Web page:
Movie Review: Summer 2007


By Taran Adarsh, Bollywood Hungama News Network

Quite often, a burning issue that hits front-page news makes it on the Hindi screen as well. SUMMER 2007, directed by Suhail Tatari, also projects a disturbing issue: Farmers committing suicides. The intentions of the film-makers should be lauded. But there's a hitch… The film does highlight the issue quite effectively [albeit, in patches], but offers no solution to the crisis. Instead, this film focuses on the 'awakening' of the careless and carefree youth, a la RANG DE BASANTI.

Besides, Tatari seems to have got swayed by the script, so much so that he doesn't know when to apply brakes. The film goes on and on and on and on… there's hardly any respite in the second hour and you actually want to scream, 'Ab bas bhi karo yaar'. This one's the lonnnnnnnnnngest 3-hour movie, which tries to pack in so many sub-plots at one go.

But, most importantly, why a title like SUMMER 2007? How does it convey what the film is all about? What is the relevance with the issue it raises?

In a nutshell, SUMMER 2007 has an engaging first half, but goes haywire in the second [marathon] hour. At best it would appeal to a tiny section of intellectuals. There's no hope otherwise!

Five medical students [Sikander, Gul Panag, Arjan Bajwa, Alekh Sangal, Uvika] represent the urban youth of today. Their lives take a turn when they land up in one of the most deprived villages of Maharashtra. Their rural posting turns into a soul-searching journey where they are forced to confront their own apathy, their own fears.

Before they can flee from there, they get sucked into the whirlpool of currents. Each of the five undergo different kinds of catharsis and in the end, they have to make a choice. Do they leave the mess just as they had found it and get away from there? Or do they choose to get involved?

As mentioned at the very outset, the intentions are right, but the scripting isn't. The director succeeds in involving the viewer into the lives of the oh-so-cool urban kids, who are far removed from the harsh realities of life. The scenes at the medical college, their tryst with politics, their decision to spend a month in a village in Vidarbha… everything's going fine in the first hour.

But problems begin to surface in the post-interval portions. The focus shifts from lack of medical facilities in rural India, to the power games money lenders play, to the main protagonist finally proving to be a conscientious citizen. Wait, there's more! A love story has been woven in the plot and a couple of songs do show up as well, including a nautanki number. And also naxalites!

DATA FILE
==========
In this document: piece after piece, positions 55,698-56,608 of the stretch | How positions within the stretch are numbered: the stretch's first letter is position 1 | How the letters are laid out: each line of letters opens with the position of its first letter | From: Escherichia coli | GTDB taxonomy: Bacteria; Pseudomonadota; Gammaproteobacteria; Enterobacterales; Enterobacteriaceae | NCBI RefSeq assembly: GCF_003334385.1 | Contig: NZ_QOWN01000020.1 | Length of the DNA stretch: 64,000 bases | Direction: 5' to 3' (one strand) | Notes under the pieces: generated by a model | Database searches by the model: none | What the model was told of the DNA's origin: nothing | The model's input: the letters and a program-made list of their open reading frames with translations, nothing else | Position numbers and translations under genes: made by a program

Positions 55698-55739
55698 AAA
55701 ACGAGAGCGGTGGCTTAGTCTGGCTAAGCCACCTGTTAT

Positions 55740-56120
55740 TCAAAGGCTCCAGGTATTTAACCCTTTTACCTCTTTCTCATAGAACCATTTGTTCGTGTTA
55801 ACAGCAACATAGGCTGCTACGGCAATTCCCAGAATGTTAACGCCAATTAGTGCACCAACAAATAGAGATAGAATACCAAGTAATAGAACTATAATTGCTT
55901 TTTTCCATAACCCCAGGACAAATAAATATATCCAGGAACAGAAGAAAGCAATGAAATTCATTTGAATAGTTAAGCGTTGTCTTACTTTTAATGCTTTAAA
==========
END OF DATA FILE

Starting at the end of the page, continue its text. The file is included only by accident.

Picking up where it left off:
Director Suhail Tatari should've focused on the core issue and in turn, controlled the running time to approx. 2 hours. Also, he could've done with a better [and tighter] script. Take these instances: Everyone's out to save the life of Sachin Khedekar in the end, but what happens to him [when the boat catches fire] is just not revealed. A dying Ashutosh Rana does mention that he's safe… but how? What happens to the corrupt money lender [Vikram Gokhale] eventually? And why does Sikander surrender to the cops, when the lady cop [Shweta Menon] had already given him a clean chit?

Music is another sore point. Ideally, it should've been a songless film. Editing is loose. Either the editor had no say in the matter or he lost all objectivity while editing the film.

To give the credit where's it's due, the performances by the entire cast is the saving grace. Sikander is evolving into a fine actor. He's a complete natural and handles the most complex of scenes with remarkable ease. Gul Panag is efficient. This is one talent who hasn't got her due in Hindi films. Alekh Sangal springs a pleasant surprise. He's excellent. Arjan Bajwa enacts his part very well. In fact, he's so well restrained. Uvika looks photogenic and does a decent job as an actor.

Ashutosh Rana is in top form yet again. Why don't we see more of you these days, Ashutosh? Vikram Gokhale never gets it wrong and he's perfect here as well. But a topnotch actor like Prashant Narayanan deserved more footage for sure. Sachin Khedekar is competent. Shweta Menon leaves a strong impression.

On the whole, SUMMER 2007 is a good concept gone wrong thanks to too many sub-plots and a really lonnnnnnng running time [close to almost 3 hours]. At the box-office, it has no chances whatsoever!